ARM Sign on the Dotted Line

I notice that one of Cambridge’s most successful companies, ARM, is selling itself off for big money. Twenty-four billion pounds, to be (approximately) precise. That seems like quite a lot. House prices down in Fulbourn are set for a little tickle.

I like to think one day I will get to sign on the dotted line for a 24 billion pound deal. I like to think, also, that my hand wouldn’t shake. But failing all that, and perhaps rather than actually sign on the dotted line, I think I would most like to use one of these dotted line pens. It is perhaps more my style.

Bureaucracy is not what it was. Now it is all virtual. If you are not signing things digitally, you are nowhere. The tools of your trade, beyond your computer, are a stapler (if you can get it to work), a hole-punch (if you can get it not to stick) and a paper clip. In the office at OISE we favour torn up scraps of paper for notes. If I sign for something, it is an illegible digital signature on some unwieldy pad brought by some delivery man or woman who seem satisfied with any sort of illegible mark.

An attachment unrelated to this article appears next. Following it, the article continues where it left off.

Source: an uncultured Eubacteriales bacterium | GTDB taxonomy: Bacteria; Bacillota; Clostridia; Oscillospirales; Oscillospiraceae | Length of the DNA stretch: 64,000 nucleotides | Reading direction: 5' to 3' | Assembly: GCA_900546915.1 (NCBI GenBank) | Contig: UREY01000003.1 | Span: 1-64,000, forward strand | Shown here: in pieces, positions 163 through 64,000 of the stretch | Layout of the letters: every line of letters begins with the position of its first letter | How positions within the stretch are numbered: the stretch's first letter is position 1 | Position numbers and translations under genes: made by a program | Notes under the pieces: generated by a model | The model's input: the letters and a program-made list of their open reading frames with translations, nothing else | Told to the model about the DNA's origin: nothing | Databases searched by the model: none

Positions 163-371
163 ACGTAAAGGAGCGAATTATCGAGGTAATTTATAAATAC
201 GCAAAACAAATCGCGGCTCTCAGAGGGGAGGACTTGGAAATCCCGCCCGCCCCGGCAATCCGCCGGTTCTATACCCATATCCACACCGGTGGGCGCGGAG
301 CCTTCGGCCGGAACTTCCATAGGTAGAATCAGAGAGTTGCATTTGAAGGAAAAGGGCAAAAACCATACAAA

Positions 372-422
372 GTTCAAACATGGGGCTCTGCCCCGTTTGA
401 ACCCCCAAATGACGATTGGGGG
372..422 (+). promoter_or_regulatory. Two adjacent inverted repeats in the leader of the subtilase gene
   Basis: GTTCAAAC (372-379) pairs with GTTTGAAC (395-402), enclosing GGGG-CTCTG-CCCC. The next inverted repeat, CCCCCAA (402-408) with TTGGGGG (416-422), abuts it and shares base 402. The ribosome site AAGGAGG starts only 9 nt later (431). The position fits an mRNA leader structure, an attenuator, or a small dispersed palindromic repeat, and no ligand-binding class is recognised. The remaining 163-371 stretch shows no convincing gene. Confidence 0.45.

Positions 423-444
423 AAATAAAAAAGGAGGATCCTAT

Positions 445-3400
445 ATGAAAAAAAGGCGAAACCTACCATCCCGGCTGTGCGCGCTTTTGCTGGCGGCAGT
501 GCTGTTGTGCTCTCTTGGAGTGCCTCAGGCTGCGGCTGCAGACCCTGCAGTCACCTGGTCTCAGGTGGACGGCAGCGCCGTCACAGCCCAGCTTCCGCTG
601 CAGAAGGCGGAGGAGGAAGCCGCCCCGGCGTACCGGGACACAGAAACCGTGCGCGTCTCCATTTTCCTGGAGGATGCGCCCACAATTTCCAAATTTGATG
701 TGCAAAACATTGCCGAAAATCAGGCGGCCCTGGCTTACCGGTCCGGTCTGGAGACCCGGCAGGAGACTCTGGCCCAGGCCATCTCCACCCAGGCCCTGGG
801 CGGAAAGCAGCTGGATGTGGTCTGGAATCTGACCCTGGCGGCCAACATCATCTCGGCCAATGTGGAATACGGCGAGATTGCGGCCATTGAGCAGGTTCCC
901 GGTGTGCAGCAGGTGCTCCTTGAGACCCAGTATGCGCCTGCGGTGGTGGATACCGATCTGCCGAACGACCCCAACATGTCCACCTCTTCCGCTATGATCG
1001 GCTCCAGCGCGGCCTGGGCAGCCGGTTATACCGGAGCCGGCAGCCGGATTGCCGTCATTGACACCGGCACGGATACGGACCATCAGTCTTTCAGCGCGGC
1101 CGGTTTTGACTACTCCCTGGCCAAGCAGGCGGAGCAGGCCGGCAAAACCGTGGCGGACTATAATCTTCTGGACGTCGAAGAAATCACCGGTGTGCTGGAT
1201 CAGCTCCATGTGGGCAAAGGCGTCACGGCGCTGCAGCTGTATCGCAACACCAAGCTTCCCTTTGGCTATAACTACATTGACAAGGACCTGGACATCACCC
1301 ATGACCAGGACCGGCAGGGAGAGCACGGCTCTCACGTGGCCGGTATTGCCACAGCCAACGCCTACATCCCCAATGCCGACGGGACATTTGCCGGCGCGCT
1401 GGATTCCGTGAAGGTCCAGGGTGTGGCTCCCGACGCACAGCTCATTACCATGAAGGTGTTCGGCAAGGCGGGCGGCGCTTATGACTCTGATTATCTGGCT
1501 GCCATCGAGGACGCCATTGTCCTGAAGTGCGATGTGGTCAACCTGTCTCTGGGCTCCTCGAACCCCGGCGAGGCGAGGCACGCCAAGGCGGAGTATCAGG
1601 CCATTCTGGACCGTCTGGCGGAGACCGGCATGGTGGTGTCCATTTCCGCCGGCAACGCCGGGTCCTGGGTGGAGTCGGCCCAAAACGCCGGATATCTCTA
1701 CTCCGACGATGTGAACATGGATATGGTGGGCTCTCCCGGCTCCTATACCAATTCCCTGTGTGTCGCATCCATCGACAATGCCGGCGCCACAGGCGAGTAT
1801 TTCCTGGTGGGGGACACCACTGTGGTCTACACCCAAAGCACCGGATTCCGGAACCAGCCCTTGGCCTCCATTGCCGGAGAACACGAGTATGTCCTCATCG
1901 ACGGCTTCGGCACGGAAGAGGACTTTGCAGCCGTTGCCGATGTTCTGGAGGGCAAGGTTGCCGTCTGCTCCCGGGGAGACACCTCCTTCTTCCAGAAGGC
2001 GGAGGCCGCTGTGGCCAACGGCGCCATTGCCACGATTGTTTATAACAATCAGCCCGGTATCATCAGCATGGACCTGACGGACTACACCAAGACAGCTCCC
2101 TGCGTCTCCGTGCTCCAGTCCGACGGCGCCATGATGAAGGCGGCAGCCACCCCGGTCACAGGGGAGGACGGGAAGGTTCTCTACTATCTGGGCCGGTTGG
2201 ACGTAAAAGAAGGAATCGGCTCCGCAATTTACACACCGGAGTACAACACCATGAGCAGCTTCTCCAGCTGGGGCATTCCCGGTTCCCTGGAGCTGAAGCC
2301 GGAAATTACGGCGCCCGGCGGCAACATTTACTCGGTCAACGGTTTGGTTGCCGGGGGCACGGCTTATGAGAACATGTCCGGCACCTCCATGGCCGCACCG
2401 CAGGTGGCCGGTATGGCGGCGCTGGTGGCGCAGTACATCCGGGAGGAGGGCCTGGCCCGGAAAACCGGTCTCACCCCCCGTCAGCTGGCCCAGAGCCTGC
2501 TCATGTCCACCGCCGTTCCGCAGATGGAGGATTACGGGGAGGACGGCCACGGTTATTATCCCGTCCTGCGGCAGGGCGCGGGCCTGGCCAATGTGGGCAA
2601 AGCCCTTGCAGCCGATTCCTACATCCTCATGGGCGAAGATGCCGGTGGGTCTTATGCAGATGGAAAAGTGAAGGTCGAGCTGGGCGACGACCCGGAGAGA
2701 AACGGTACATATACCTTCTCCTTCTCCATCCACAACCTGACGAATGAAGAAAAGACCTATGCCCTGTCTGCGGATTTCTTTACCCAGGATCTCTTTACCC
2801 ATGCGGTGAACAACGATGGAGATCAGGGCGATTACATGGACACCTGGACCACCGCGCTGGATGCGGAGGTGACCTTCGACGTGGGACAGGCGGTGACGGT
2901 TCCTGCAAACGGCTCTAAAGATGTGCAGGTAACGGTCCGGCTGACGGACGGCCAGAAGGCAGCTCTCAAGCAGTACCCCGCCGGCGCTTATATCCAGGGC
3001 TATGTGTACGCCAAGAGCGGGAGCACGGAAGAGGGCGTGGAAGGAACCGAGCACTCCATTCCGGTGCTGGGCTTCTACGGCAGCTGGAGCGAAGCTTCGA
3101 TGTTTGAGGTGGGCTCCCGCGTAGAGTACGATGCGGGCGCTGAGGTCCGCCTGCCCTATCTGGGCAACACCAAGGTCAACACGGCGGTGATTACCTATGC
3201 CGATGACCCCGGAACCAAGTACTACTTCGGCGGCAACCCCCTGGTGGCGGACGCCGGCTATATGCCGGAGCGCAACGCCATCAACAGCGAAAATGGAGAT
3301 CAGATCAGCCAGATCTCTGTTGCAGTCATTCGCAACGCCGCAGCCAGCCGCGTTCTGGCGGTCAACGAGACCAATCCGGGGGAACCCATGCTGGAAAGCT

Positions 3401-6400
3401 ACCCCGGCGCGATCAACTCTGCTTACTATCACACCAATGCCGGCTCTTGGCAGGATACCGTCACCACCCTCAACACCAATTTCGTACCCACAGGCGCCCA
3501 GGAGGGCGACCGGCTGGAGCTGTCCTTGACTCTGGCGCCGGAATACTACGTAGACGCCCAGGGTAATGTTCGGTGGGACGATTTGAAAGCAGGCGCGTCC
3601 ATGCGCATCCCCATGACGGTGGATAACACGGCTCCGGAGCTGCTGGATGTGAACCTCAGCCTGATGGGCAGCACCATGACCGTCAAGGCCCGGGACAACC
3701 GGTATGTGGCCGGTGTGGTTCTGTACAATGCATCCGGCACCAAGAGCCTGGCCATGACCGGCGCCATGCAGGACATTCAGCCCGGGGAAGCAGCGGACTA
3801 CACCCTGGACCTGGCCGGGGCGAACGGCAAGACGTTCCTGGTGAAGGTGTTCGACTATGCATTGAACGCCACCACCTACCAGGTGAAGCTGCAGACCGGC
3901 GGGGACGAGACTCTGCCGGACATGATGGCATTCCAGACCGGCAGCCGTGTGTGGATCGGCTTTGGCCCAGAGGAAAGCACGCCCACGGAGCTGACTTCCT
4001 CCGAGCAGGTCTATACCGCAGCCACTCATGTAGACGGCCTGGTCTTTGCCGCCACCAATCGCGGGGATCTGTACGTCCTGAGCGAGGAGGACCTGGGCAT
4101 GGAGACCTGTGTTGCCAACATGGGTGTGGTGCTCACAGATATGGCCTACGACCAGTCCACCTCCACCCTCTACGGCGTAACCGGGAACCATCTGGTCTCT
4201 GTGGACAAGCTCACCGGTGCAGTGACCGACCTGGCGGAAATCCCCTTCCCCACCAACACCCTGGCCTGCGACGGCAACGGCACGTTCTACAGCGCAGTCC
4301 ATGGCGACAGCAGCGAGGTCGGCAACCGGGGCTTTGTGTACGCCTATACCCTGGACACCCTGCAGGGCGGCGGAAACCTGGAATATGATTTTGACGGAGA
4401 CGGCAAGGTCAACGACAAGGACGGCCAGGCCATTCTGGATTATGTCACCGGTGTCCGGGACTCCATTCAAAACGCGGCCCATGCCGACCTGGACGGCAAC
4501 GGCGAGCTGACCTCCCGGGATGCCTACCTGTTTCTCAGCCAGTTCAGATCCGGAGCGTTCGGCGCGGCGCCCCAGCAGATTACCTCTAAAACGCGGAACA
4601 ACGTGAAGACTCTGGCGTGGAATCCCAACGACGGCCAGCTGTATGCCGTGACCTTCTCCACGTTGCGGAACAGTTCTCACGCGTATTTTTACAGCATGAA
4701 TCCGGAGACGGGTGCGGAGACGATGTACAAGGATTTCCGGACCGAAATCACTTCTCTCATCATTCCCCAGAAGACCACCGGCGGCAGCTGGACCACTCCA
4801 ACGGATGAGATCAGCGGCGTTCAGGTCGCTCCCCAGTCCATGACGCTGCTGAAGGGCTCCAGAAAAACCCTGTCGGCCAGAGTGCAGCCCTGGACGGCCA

Time was, you would require a presentation set of drawing instruments before you would even contemplate running something up in triplicate. You would settle down to work in a high-wing collar and tail coat, and progress empires and corporations through the measured flow of ink, the steady accumulation of dockets and receipts and despatches.

I have a feeling that even the engineers at ARM, specialist in the always-becoming Internet of Things, would pause to gawp in wonder at the simple yet sublime mechanism of the line-dotting pen.